By Yolanda Pierce, Ph.D.,
They had returned to the school to sit for a physics exam. Knowing teenagers, I imagine that among the group, there were those who had studied hard for their final exams and others who were just happy to be back with their friends after the school had closed earlier in the year. Were they all asleep when the terrorists came in the middle of the night? What were they dreaming about when armed men stormed their dorm rooms? Were some of them still awake, catching up on the latest news with cherished friends? Were they the first to catch sight of the weapons aimed at them, to hear the angry voices shouting at them?
While forced into waiting vehicles under the cover of darkness, I can only imagine their feelings of terror and anguish: cries for beloved parents and family members…fear for best friends separated during the chaos…the anguish of imaging what is to come. In a span of moments, over 200 schoolgirls filled with hopes, dreams, laughter, and promise are ripped from the places and people they love. It has been over two weeks. A few have managed to escape, but the fate of far too many others is being determined at the hands of their abductors.
Despite the language being used by various media outlets, these young girls are not “brides” and they are not being sold into “marriage.” Girls who are kidnapped and forced to convert are not entering into a nuptial contract. They are prisoners of war being trafficked into human bondage, while the world watches and does very little. Real Nigerian weddings are joyous celebrations, filled with ceremony, ritual, food, and dancing. Terrorists who kidnap schoolchildren are not eager bridegrooms entering into the joys of marriage; they are criminals exploiting the most vulnerable members of society.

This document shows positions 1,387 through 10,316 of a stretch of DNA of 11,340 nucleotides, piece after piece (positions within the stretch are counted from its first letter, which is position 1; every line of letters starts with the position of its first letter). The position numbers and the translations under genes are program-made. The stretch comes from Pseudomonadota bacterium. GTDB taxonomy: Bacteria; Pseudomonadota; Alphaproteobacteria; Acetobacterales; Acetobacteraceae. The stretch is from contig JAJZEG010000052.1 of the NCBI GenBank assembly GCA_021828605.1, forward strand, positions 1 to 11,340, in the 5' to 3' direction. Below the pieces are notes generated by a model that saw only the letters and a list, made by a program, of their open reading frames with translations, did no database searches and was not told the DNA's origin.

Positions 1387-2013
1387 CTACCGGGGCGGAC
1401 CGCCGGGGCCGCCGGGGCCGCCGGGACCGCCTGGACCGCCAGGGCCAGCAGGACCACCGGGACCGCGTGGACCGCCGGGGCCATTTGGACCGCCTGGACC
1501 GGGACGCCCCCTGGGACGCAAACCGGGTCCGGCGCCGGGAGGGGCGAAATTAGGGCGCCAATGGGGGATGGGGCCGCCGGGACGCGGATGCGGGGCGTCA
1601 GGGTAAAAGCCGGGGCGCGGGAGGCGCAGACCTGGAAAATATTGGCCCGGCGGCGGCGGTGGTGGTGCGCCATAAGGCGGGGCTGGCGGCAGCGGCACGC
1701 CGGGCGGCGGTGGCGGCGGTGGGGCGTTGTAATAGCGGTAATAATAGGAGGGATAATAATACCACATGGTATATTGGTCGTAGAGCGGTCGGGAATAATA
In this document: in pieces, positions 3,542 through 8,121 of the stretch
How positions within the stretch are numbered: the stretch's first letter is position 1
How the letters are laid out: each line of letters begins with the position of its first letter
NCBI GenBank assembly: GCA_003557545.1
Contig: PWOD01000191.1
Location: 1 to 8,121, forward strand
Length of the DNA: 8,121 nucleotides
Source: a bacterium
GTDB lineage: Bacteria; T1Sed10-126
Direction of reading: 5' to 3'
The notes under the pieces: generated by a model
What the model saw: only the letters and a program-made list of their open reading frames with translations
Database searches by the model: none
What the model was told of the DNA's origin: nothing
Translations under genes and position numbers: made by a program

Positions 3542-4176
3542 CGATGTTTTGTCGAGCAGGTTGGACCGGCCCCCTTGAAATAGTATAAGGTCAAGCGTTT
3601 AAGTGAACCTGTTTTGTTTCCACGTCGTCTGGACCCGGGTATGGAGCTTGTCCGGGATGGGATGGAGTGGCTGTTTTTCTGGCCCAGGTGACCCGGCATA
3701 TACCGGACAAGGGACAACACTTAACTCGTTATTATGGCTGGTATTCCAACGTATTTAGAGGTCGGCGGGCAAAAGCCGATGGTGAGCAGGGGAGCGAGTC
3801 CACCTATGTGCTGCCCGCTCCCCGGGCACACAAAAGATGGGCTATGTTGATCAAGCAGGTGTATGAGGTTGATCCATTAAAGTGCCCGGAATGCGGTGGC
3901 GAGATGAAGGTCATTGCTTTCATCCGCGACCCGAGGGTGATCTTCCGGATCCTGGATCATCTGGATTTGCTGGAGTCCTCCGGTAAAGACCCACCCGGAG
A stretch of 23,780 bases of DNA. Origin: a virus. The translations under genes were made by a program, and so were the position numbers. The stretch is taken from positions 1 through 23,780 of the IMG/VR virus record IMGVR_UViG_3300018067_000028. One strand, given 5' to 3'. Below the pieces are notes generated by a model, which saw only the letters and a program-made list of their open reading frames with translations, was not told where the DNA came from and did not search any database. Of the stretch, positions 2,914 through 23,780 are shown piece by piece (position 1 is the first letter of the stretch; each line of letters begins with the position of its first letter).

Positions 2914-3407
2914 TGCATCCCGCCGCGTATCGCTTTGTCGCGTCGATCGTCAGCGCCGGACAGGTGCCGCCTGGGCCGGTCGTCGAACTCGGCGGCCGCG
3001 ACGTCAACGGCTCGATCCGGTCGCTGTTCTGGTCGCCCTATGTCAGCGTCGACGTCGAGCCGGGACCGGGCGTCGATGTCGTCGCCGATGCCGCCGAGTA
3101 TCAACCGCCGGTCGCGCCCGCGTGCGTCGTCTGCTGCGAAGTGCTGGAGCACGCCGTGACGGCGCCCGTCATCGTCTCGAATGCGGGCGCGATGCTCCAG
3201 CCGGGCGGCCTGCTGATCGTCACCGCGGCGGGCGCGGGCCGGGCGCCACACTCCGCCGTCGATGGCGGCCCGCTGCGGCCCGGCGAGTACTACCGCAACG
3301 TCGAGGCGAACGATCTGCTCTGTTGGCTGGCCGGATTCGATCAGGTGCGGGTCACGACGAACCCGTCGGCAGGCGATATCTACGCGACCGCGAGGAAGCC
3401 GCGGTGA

Bring back our daughters….daughters who love to laugh and sing….daughters who still enjoy snuggling on their mothers’ laps….daughters who ace their physics exams….daughters who like to gossip and text with their friends late into the night….daughters who dream of college and studying abroad….daughters who have a crush on the neighbors’ son….daughters who dance in front of the mirror at home….daughters who love and are beloved.
These Nigerian girls are our daughters; black girls everywhere are our daughters and their lives matter. We are commanded to love our neighbors as we love ourselves, so may we do for these Nigerian children what we would do if 234 girls from Germany or Spain or Ireland were kidnapped from their dorm rooms – turn the world upside down until they are found.
Dr. Yolanda Pierce is the Elmer G. Homrighausen Associate Professor of African American Religion and Literature at Princeton Theological Seminary, and Liaison with the Princeton University Center for African American Studies. She blogs @ Reflections of an Afro-Christian Scholar